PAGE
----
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What are the Different Ways to Prepare Fish?

Mary McMahon
Updated May 16, 2024
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Fish is popular all over the world in both fresh and saltwater varieties. In fact, there are a number of cuisines that are centered around fish. There are a large number of ways to prepare this protein, ranging from frying to baking, most of which are easy for home cooks. The imagination is the only limit.

Preparing a great dish starts with selecting good fish. The fresher it is, the better it will taste. Cooks should try to assess the condition of their options in the store and not be afraid to ask the staff which is most fresh, or which type they recommend. Sales staff can also usually provide suggestions for preparation, as some varieties are better suited to certain preparations than others. The shopper should make this selection her last stop, to keep her purchases as cool as possible. The fish should be chilled immediately or set to marinate.

One of the simplest ways to prepare fish is by baking it. It can be placed in a large dish, dressed with a simple sauce, and cooked in an oven heated to 350° Fahrenheit (176° Celsius). The fish is done when it has turned white and flaky, with no pink parts in the middle. It can be served with lemon, salt, and pepper.

Many people like broiled fish, a variant on baking. To broil it, the oven broiler should be fully heated, then the dish placed under it. This preparation can be delicious in a simple marinade with cheese sprinkled on top, which will melt onto the fish as it cooks.

Another popular preparation is grilling. When grilling fish, select hardy species which will stand up well, rather than flaking apart. It can be marinated in a variety of sauces, including tropical sauces, Japanese miso sauce, barbecue sauce, or any many others. The fish should be grilled over warm coals, and turned once. For an extra jolt of flavor, it can be wrapped in bacon.

Seared fish is popular in some regional cuisines. To prepare it this way, a meaty variety, such as tuna, should be selected and seared on both sides quickly in a hot sauté pan. Some cooks like to make a crust for it before searing. When prepared correctly, the middle will remain pink and juicy, as well as slightly cool to the tongue. It can be left in the pan longer for those who prefer their meal cooked more. For poached fish, a liquid such as wine can be added to the pan after searing.

Fried fish is another popular preparation. It can be pan fried in oil and served with lemon, or it can be battered and deep fried. To avoid greasiness, use oils with a high smoking point, such as peanut oil, so that the oil can be heated enough to sear the outside, keeping the oil out of the inside. It is important to drain the fish carefully before serving.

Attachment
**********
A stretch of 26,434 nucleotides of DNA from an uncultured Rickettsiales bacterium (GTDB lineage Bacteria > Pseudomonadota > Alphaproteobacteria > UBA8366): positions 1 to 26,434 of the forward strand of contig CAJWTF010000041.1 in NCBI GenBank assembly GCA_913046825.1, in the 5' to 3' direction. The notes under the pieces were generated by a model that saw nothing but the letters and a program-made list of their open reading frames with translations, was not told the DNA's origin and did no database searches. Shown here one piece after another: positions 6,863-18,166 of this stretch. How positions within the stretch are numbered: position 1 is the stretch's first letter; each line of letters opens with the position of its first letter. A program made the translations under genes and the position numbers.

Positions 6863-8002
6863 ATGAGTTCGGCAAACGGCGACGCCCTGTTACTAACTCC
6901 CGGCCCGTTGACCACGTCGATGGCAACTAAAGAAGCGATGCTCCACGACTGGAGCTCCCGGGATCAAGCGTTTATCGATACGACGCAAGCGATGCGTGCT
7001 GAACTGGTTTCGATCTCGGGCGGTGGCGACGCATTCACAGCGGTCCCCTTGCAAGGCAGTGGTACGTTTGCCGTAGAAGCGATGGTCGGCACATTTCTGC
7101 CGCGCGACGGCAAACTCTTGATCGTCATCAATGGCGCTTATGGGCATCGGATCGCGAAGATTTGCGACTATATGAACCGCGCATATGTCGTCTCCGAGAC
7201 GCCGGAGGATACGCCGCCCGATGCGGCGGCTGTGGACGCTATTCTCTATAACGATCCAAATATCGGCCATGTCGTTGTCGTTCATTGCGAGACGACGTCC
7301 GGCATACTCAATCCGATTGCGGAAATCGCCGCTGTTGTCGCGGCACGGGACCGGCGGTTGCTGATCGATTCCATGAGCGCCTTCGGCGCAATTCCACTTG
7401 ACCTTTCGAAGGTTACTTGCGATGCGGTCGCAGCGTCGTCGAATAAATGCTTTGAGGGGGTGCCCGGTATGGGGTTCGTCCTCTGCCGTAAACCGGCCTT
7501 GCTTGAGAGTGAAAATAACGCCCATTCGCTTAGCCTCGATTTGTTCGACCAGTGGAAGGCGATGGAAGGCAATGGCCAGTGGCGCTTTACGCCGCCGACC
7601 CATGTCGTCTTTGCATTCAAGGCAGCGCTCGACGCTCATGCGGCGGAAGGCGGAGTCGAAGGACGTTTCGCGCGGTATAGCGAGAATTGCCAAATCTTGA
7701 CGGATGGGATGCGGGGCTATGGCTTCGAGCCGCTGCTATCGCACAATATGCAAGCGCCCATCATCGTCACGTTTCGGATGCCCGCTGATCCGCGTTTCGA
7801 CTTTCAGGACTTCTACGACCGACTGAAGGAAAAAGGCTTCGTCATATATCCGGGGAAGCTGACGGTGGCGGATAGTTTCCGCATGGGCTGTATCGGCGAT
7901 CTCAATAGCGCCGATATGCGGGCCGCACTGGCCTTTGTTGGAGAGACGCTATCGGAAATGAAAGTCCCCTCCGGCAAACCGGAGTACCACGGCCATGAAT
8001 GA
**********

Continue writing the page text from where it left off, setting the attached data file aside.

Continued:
With the addition of interesting sauces and complementary side dishes, fish can make an excellent meal. Exploring new recipes can also be a fun activity for the whole family. Eco-conscious consumers may want to consider making sure their purchases are certified by the Marine Stewardship Council, which monitors global fisheries. Pregnant and immunocompromised consumers should be aware that some fish, such as tuna, accumulate heavy levels of mercury, which can be dangerous.

DelightedCooking is dedicated to providing accurate and trustworthy information. We carefully select reputable sources and employ a rigorous fact-checking process to maintain the highest standards. To learn more about our commitment to accuracy, read our editorial process.
Mary McMahon
By Mary McMahon

Ever since she began contributing to the site several years ago, Mary has embraced the exciting challenge of being a DelightedCooking researcher and writer. Mary has a liberal arts degree from Goddard College and spends her free time reading, cooking, and exploring the great outdoors.

Discussion Comments

By catapult43 — On Oct 30, 2009

I like to dredge the fish lightly in flour that has some salt in it. Frying it in hot, but not burning oil on both side will give it a nice brownish crust.

By millhouse — On Oct 20, 2009

I like to bake my fish in a pouch from aluminum foil or parchment paper. First, though, I season the fish with onions, olive oil, salt, pepper and lemon.

Mary McMahon

Mary McMahon

Ever since she began contributing to the site several years ago, Mary has embraced the exciting challenge of being a...

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